SQF: What most often turns you off to a submission?

EOA: As Editor in Chief, the thing that turns me off the most is the gratuitous portrayal of human suffering for shock value.  I am also annoyed—we all are—by writers who ignore submission guidelines, refuse to send bios, etc.  Those who have not studied their craft, haven’t read much, and have little appreciation for the value of editor and reviewer time, try our patience.  We love to publish the sincere novice, even when he or she breaks the standard conventions unknowingly.  I personally send a message to each person who submits, and do my best to show respect for each writer or artist.  I expect to be approached with the same respect. Most writers are amazingly gracious. Those who are not really stand out because they are the exception, not the rule.  


SQF: Do you provide comments when you reject a submission?

EOA: As a general rule, no.  However, there have been times when I felt strongly that a writer or an artist might truly benefit from a suggestion as well as some positive commentary.  In those cases, I have taken a bit of extra time to share my thinking.  If a writer asks for criticism, to the degree that time allows, I will always offer it.


SQF: What magazines/zines do you read on a regular basis?

EOA: I read very eclectically whatever I can find, what’s on the shelf in Hastings or Barnes and Nobles.  I read The Best in American Poetry and The Best American Short Stories every year—I read Blognostics (I have a good friend who publishes there), Agni, Red Rock Review, North American Poetry Review.  I browse NewPages listings here and there, as well as art blogs and pages and the poetry sites maintained by the nation’s most respected foundations and organizations.  I am a poet, so my main interest lies in reading poetry.  As I have a full-time teaching job at a community college, my time is limited much of the year, so at this point, reading is a luxury.  I’d love to read more.  I read batches of new poems sent to me by colleagues and friends, and those are my favorite things to read.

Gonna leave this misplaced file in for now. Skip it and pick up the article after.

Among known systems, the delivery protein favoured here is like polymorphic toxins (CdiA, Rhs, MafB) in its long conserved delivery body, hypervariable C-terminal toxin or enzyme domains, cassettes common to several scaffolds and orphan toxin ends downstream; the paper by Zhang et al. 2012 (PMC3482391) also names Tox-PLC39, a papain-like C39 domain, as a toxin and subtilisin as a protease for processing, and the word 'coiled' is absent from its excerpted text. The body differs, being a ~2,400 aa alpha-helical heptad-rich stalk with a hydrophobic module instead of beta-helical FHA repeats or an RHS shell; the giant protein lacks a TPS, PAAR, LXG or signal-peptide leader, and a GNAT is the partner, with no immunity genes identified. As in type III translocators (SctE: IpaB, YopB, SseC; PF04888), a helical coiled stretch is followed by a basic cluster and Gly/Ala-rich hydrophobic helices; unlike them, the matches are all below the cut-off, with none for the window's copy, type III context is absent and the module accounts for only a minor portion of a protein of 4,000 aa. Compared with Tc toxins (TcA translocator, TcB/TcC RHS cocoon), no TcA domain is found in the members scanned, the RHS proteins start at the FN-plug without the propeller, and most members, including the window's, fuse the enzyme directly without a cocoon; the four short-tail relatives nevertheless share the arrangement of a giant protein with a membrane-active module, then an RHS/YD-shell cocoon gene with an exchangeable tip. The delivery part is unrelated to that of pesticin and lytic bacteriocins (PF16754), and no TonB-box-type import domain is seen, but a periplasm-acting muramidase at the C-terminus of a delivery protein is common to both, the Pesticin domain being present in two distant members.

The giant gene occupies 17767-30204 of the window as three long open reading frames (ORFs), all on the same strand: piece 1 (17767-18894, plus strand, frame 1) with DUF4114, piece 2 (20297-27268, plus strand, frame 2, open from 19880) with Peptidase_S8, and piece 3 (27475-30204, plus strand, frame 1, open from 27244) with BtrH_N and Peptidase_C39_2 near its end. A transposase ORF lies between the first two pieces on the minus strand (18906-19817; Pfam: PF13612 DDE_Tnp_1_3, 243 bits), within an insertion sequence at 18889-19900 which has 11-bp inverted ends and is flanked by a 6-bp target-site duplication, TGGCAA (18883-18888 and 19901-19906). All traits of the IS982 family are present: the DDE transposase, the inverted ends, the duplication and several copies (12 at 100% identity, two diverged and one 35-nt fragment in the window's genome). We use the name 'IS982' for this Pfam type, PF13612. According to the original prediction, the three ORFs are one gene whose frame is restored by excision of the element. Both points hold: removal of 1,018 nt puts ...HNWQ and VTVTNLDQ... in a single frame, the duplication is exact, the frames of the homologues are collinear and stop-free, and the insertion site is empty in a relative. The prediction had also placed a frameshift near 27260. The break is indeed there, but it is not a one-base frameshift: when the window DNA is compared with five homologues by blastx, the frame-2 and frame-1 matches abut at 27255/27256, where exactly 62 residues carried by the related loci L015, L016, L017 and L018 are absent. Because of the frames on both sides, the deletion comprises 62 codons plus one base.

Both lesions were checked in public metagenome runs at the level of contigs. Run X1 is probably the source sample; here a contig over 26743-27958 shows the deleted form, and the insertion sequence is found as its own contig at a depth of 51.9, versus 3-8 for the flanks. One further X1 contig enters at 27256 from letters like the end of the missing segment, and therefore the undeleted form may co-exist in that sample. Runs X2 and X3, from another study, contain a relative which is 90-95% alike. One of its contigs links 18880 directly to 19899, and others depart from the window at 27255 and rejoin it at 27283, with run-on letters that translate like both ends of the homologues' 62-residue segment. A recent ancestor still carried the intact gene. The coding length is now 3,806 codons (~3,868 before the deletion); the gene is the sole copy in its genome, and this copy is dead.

SQF: What one question on this topic do you wish I'd asked that I didn't? And how would you answer it?

EOA: You didn’t ask about factors that impact selection beyond the quality of work.  We do have a limited number of pages we can get out, so sometimes, all else being equal, I have to go for diversity in terms of the writers and artists we include as well as in the genre, style and approach to balance the magazine.  This means the work that didn’t make it into one issue might make it into another.  I honestly appreciate in our hectic time that anyone is out there writing, painting, taking photos, etc. and hopefully offering his or her work for our consideration.  There is merit in everything we review and read.  Rejection doesn’t necessarily mean “not good” in our opinion.  It sometimes means “not right right now.”

Thank you, Erin. We all appreciate you taking time from your busy schedule to participate in this project.

Friday, November 4, 2016

Six Questions for W.F. Lantry, Editor, and Kate Fitzpatrick, Managing Editor, Peacock Journal

Peacock Journal looks for beauty.